County Executive Marc Elrich attended the event and issued a proclamation establishing Sept. 12, 2021, “Women’s Suffrage Marker Day.” The proclamation recognizes the contributions that Montgomery County women like Thomas and Miller made to the suffrage movement.
“We’ve arrived where we are today because of these suffragists,” said Elrich. “But there’s work still to be done to make sure that women are guaranteed the same constitutional rights as men,” he said, citing the struggle to pass the Equal Rights Amendment.
“We must keep moving the wheel forward.”
The event was sponsored jointly by the Maryland Women’s History Center, the National Votes for Women Trail, the National Collaborative of Women’s History Sites, the William G. Pomeroy Foundation and the Montgomery County Commission for Women.
About the marker
The marker placed at Sandy Spring Museum is one of 10 in the state that have been placed on the National Votes for Women Trail during the centennial celebration of the passage of the 19th Amendment.
The marker was awarded by the William G. Pomeroy Foundation, a private grant-making foundation based in Syracuse, N.Y., through its National Women’s Suffrage Marker Grant Program. The Maryland Women’s Heritage Center facilitated the grant application process, in partnership with the National Collaborative of Women’s History sites.
The marker reads: “Votes for Women: Caroline Hallowell Miller and Mary Bentley Thomas led Sandy Spring and Maryland campaigns for women’s right to vote from 1883-1915.”
Historic documents tell the tale
The event to unveil the historic suffrage marker concluded with a display of archival resources housed and preserved in Sandy Spring Museum.
Many of the documents have been digitized and can be accessed on the Digital Maryland website at https://collections.digitalmaryland.org/.
Most notable are:
The charter of 1889 establishing the Maryland Woman Suffrage Association, with 13 signatures, including that of Caroline Hallowell Miller and her son, George B. Miller.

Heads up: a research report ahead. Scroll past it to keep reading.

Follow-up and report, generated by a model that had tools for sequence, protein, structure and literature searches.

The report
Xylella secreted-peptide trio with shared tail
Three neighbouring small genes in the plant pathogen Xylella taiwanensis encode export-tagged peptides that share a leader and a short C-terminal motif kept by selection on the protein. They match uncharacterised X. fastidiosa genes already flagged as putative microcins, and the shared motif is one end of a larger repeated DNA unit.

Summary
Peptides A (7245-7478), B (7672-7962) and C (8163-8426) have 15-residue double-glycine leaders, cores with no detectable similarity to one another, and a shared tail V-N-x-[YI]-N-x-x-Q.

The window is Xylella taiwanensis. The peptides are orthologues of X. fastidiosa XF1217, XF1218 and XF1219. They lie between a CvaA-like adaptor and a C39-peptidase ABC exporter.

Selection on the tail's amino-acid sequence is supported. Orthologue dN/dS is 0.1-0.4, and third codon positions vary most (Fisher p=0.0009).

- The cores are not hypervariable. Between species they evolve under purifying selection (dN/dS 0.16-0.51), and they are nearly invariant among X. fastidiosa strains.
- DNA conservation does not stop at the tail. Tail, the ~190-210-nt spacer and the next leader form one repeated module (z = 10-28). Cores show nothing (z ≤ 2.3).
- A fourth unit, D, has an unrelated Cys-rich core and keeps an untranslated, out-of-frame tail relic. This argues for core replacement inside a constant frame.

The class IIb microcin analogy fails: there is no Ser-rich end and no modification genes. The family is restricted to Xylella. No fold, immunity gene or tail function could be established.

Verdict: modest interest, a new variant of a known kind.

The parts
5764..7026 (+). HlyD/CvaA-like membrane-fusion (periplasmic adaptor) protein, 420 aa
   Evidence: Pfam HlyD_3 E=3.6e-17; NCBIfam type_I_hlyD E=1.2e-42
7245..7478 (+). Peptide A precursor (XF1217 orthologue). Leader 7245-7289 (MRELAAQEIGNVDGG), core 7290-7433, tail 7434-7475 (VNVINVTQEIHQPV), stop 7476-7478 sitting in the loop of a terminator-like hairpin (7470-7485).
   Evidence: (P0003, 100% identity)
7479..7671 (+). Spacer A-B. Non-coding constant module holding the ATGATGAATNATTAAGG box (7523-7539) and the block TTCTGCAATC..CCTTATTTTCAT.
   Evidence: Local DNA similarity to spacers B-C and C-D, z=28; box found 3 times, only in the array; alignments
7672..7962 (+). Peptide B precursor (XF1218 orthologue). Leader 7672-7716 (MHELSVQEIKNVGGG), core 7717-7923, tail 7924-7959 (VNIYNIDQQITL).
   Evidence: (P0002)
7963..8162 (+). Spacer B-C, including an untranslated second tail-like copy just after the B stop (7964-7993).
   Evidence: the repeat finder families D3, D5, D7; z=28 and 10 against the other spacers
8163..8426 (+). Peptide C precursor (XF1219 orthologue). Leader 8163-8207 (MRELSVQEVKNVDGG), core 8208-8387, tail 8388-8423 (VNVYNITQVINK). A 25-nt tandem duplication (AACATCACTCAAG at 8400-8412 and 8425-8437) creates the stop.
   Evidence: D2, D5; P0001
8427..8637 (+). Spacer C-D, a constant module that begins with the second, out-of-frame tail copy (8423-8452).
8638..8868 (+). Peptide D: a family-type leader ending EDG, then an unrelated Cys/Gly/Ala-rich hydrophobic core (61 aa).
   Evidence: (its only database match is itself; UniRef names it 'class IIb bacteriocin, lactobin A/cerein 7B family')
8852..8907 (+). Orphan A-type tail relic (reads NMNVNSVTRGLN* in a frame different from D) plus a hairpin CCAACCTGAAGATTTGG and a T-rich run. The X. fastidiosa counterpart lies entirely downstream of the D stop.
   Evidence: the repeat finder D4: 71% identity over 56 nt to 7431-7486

A book containing the constitution and bylaws of the Maryland Woman Suffrage Association, including handwritten meeting minutes from 1889 to 1903.
The Treasurer’s book for the Maryland Woman Suffrage Association, 1905-1912, which shows membership increasing beyond Montgomery County to other parts of the state.
A scrapbook compiled by Mary Bentley Thomas, which contains two letters from Susan B. Anthony. One letter is about a petition calling for the constitutional amendment and the other discusses logistics for an upcoming suffrage convention.
A handwritten letter from Anna H. Shaw, vice-president of the American Woman Suffrage Association, to Mary Bentley Thomas, dated January 26, 1900, discussing the upcoming national suffrage convention in Washington, D.C. After expressing some hesitancy, she agrees to Thomas’ request to speak, which attests to the high regard held for Thomas within the woman’s suffrage movement.
“When thinking of the woman’s suffrage movement, most conjure up visions of a singular struggle, culminating victoriously in the 19th amendment,” said Lydia Frazer, collections manager at Sandy Spring Museum, and project manager for the museum’s Archives Digitization Project. “The marvelous revelation in these documents is of a much more multifaceted movement of political and moral reform under the umbrella of woman’s suffrage.”